The California Water Association (CWA) identified three areas in the Water Code and Public Utilities Code that should be changed to strengthen customer benefits and protections. As a result, CWA is sponsoring three bills in the 2016 session of the California Legislature: AB 1180 (C. Garcia); AB 2874 (Gaines); and SB 1456 (Galgiani).
AB 1180 (C. Garcia):
Currently, the California Public Utilities Commission (CPUC) is required by law to have regulated water utilities set a transaction fee for utility customers paying their monthly bills by credit, debit or prepaid cards. The fee typically ranges from $2.00 to $3.00 per payment. Experience indicates that many customers stop using the online payment portal when confronted with the transaction fee, opting instead to use an alternate payment method that is “free” such as writing a check.
Payment by check or in person is costlier than using a card; however, those costs already are included in base rates with all other operating costs. Therefore, customers who pay their bills with credit/debit cards are effectively paying twice – once in their rates for other forms of payment and again when paying a transaction fee for using a credit or debit card.
As more consumers prefer the convenience of credit and debit cards as their primary method of paying recurring bills, CWA is taking action to rectify this inequity with the assistance of Assembly Member Cristina Garcia in authoring AB 1180. This bill will create a pilot program allowing participating water utilities to waive transaction fees for customers paying by credit and debit card and to collect information on:
- The costs associated with various forms of payment;
- Customer utilization of various forms of payment;
- Customer expectations and satisfaction regarding payment options; and
- The demographic profile of customers and their use of the various forms of payment.
AB 1180 also would direct the CPUC to evaluate water customer bill payment preferences, including the use of credit or debit cards and whether levying a transaction fee on customers paying by credit or debit card is in the public’s interest. The bill passed the California Assembly in late January by a 71 to 3 vote and will be taken up by the Senate in June.
AB 2874 (Gaines)
Assembly Bill 2874, authored by Assembly Member Beth Gaines, seeks to protect investor-owned water companies (IOWC) customers from unwarranted fees and/or other financial requirements imposed by Groundwater Sustainability Agencies (GSAs) formed pursuant to the Sustainable Groundwater Management Act of 2014 (SGMA). Current law requires the CPUC to approve all costs incurred by regulated IOWCs that are being passed on to customers.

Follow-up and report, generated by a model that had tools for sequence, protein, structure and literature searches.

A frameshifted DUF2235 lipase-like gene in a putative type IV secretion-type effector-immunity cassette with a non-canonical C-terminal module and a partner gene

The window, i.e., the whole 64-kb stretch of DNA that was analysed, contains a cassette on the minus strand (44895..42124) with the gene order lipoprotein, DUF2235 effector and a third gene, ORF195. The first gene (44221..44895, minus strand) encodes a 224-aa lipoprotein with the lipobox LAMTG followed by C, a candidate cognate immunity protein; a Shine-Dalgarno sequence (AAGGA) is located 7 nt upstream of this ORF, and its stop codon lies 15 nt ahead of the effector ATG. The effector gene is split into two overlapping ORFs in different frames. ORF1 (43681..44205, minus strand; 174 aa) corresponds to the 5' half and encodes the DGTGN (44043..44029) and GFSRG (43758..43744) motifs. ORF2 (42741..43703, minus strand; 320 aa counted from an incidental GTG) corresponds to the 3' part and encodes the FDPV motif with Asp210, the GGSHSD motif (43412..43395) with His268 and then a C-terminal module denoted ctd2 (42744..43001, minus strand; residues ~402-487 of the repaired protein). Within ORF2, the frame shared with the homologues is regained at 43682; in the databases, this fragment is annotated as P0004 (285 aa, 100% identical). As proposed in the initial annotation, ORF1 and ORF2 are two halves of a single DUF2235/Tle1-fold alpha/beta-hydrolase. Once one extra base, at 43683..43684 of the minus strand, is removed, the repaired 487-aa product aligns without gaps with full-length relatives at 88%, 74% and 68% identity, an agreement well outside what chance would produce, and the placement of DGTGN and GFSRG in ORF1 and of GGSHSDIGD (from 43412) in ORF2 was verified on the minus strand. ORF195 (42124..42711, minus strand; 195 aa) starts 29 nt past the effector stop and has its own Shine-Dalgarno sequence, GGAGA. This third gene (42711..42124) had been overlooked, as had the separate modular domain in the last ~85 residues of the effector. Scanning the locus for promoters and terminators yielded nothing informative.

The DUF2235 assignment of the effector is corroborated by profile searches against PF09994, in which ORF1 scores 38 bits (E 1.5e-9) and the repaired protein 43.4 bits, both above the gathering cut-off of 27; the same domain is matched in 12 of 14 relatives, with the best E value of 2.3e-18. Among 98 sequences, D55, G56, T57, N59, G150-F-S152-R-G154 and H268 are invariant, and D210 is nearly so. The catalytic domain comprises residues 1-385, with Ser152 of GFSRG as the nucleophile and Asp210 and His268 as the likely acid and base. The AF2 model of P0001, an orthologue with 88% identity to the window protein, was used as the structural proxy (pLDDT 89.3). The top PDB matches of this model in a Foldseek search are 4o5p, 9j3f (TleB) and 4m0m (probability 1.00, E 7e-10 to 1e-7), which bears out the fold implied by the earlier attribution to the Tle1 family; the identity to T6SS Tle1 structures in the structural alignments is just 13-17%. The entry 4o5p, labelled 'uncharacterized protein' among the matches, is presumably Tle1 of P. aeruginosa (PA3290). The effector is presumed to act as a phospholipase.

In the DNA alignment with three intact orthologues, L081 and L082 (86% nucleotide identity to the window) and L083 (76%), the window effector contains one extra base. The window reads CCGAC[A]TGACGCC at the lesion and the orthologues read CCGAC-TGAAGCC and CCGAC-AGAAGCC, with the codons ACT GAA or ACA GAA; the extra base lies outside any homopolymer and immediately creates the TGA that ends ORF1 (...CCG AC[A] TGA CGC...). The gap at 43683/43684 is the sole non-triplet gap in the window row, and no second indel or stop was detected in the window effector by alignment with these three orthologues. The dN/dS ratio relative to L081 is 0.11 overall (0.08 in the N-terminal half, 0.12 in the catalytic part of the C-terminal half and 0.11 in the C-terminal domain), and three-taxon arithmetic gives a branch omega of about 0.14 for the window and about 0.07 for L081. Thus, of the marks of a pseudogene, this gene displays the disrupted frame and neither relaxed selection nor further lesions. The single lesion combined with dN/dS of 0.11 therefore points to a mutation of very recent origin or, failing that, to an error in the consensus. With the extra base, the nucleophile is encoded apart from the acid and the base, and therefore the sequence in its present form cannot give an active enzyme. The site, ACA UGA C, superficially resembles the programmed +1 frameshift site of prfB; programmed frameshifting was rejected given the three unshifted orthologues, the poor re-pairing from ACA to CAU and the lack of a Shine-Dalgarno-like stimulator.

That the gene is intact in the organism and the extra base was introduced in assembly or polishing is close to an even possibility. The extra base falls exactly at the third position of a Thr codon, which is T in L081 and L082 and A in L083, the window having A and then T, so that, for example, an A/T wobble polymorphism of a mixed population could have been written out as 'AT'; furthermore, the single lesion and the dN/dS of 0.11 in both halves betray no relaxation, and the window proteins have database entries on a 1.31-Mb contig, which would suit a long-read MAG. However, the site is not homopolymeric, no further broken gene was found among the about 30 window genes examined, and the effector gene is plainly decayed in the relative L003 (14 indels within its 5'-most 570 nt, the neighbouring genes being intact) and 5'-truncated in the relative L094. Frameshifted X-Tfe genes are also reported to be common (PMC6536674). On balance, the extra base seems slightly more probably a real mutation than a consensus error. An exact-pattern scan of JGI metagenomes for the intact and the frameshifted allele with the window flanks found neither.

Because SGMA authorizes a GSA to impose fees on permitting, groundwater extraction or other activities to fund the costs of a groundwater sustainability program, the regulated IOWCs need to ensure CPUC approval of those fees and expenses, especially when the local agencies have excluded IOWCs from membership in the GSA. AB 2874 will require a GSA to notify the CPUC before imposing or increasing a fee relating to a groundwater basin from which a water utility regulated by the CPUC has rights to extract groundwater to serve its customers.
SB 1456 (Galgiani)
The Drinking Water State Revolving Fund (DWSRF) program has, for nearly 20 years, provided low-interest loans to water utilities of all types for drinking water infrastructure projects. Historically, there have been two ways to secure funds under this program: Proposition 1 for which regulated utilities are eligible; and loan forgiveness for which regulated utilities are eligible under federal rules, but not in California. CWA has worked with Senator Cathleen Galgiani to correct this omission.
SB 1456 would, among other things, authorize financing arrangements for planning and preliminary engineering studies, project design and construction costs, including loan principal forgiveness, to all public water systems, including California regulated IOWCs. The bill specifically provides that any public water system serving a severely disadvantaged community with 200 connections or fewer that does not have the ability to pay back the loan would be eligible for the principal forgiveness provision.
While AB 1180 is a two-year bill, both AB 2874 and SB 1456 were introduced in 2016 and are awaiting their first policy committee hearings.